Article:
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Before a Real Estate Purchase: 9 Reasons to Get a Home Inspection

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Buying a home is the greatest investment you can ever make, and so, you can’t afford to make the wrong decisions. Before buying, the most crucial step to take is having the home inspected first by professionals.

It can be tempting to skip the home inspection process in an attempt to save some cash from the overall homebuying. Every mortgage payer knows how it feels to have an avalanche of payments right after you sign the contract, but there are good reasons for not skipping the inspection, not minding the additional cost.

A home can look perfect and ready, but an inspection can tell what the actual status of the house is. And if you have the home inspected before anything else, you’ll be spared from having to deal with unexpected repair needs.

Here are other reasons you need to go through the inspection process:

You may back out

Even after offering to buy a home, you can always back out when the house shows its actual condition after inspection, especially when it needs you to spend for repairs as soon as possible or over time. If you’re unsatisfied with the inspection’s findings, you have the foundation of your backing out.

You know when there are illegal installations and additions

Home inspections will reveal if rooms or any part of the house are illegally added or installed. These may be additional units, basements, electrical systems, plumbing features, fences, or garages that didn’t undergo the required code or permit, affecting taxes, insurance, and the home’s overall value.

You ensure that you get insurance

Certain conditions and the lack of necessary certifications from four-point inspections and Wind Mitigation may be qualified for insurance by some insurance companies. With insurance, homebuyers can save plenty of unexpected expenses in the long run.

You can predict the future cost

Every part of the home has its expiration. An inspection lets you know the installation age and shelf-life of the home’s systems, including cooling, plumbing, heating, and other major systems. This way, you can make wise decisions over the type of your insurance and warranties.

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You can eliminate health hazards

When the home has recently had residents, there’s a chance the house has developed hazardous mold and mildew over time. This is usually the case for properties that are on short sale and foreclosure. Mold and mildew removal can be costly too.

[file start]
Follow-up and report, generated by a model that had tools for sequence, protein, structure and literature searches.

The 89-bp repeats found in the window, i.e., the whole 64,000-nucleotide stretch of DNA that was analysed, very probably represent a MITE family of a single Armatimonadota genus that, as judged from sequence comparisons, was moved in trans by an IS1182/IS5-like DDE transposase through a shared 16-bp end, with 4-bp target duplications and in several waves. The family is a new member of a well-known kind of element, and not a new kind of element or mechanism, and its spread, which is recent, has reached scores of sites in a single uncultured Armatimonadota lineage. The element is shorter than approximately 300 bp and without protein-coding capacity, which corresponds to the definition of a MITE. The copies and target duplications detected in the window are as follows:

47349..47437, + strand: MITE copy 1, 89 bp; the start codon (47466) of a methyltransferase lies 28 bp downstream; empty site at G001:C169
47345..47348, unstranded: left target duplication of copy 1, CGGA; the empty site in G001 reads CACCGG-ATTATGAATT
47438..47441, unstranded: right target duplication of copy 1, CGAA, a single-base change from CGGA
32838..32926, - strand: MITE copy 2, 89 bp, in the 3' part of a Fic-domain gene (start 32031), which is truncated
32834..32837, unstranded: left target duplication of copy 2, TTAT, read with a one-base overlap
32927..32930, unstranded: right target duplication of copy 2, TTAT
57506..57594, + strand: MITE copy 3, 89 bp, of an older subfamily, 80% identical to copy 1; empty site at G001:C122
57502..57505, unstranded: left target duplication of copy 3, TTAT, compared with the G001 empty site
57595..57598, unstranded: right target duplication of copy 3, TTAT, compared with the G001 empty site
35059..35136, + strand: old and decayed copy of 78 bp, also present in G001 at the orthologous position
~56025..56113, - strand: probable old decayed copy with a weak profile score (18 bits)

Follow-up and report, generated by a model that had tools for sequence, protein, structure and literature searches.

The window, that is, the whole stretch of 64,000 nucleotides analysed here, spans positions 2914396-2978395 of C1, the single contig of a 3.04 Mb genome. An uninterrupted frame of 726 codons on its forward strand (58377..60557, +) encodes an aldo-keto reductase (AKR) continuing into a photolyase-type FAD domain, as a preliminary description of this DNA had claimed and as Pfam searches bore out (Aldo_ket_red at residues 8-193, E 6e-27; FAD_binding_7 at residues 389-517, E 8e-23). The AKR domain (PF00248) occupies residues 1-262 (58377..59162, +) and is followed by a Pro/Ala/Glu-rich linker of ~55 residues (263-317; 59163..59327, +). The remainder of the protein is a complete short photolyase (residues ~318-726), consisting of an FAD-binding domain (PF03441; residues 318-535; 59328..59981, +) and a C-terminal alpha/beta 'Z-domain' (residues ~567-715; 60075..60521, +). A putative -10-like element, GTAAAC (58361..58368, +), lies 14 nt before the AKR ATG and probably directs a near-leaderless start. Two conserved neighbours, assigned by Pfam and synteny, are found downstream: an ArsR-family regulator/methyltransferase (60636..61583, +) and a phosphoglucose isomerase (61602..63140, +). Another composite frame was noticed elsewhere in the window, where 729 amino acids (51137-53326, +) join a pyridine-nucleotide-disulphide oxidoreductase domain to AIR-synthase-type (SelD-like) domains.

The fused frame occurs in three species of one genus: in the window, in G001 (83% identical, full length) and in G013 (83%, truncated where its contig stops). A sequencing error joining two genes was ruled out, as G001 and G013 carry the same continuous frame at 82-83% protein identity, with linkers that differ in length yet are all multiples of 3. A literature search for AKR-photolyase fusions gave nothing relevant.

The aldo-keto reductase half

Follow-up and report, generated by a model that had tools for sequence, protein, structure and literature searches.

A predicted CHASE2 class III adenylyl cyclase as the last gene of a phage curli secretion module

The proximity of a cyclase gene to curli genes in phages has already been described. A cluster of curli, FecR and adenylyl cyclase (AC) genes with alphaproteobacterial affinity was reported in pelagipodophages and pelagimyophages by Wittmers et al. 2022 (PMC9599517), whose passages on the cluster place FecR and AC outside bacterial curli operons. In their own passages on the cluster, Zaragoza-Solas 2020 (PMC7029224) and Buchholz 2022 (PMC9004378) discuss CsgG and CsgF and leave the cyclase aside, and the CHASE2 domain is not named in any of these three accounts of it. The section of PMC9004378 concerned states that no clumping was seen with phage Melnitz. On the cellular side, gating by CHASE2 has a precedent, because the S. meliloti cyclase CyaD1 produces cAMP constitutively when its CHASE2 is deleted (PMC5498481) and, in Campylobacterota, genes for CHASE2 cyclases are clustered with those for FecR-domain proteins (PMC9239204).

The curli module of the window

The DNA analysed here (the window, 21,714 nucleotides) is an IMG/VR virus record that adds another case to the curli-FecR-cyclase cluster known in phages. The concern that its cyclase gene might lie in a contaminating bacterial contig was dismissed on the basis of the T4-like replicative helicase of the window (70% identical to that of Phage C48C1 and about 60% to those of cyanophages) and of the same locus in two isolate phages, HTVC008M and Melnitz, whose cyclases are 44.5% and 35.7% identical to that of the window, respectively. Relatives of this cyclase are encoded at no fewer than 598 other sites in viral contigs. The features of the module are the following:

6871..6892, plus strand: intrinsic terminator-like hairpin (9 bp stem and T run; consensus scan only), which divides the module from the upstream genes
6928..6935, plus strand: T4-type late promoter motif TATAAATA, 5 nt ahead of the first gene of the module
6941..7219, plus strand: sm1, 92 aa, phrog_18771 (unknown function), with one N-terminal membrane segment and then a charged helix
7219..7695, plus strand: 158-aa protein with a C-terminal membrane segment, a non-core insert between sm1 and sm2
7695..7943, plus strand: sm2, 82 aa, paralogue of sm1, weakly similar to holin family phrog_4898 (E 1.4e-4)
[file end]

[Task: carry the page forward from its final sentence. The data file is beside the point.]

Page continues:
Other safety issues that are possibly accumulating in a used home include carbon monoxide and radon. Dangers can come in various forms, such as gas pipes leak, unstable foundations, and many others. All of them can be the reason for canceling your offer to buy the home. A home inspection is the best you can do to keep you and your family safe from any potential hazards.

You can find structural issues

Like most homebuyers, you might just observe the interior and exterior features, not including the structural aspects, which is understandable since they’re usually installed with drywall or new paint. Any problems in the foundation or structure of the house can directly impact the residents’ safety, home’s economic value, and overall livability.

You can negotiate

After a home inspection and finding out that a home has some damages or poses potential health hazards, you can always request the seller to reduce the price or credit or even ask them to do the repair themselves. With the help of your realtor, you can negotiate much better.

You can easily identify the dealbreakers

When you get your home inspected, you can assess how much you’re going to spend in the long run and if you’re willing to go for it. A qualified home inspector can help you decide whether a home is acceptable or not. But if you’re not willing to spend on repairing cracked walls, faulty gutters, or broken ceilings, you can call it a dealbreaker and continue your search for a home.

You can see the big picture

Again, what you might see are just the interior and exterior aspects, not the home’s overall condition. Every part of a home has its own shelf-life. Home inspectors can determine when the parts were installed and how long they can work well.

The benefits of getting your home inspected far outweigh skimping the process. Again, buying a home is the most significant investment you can make, so be sure to pay for and go through the inspection process. Most importantly, you get crucial advice on maintaining your home from the home inspector, helping you save huge in the long term.

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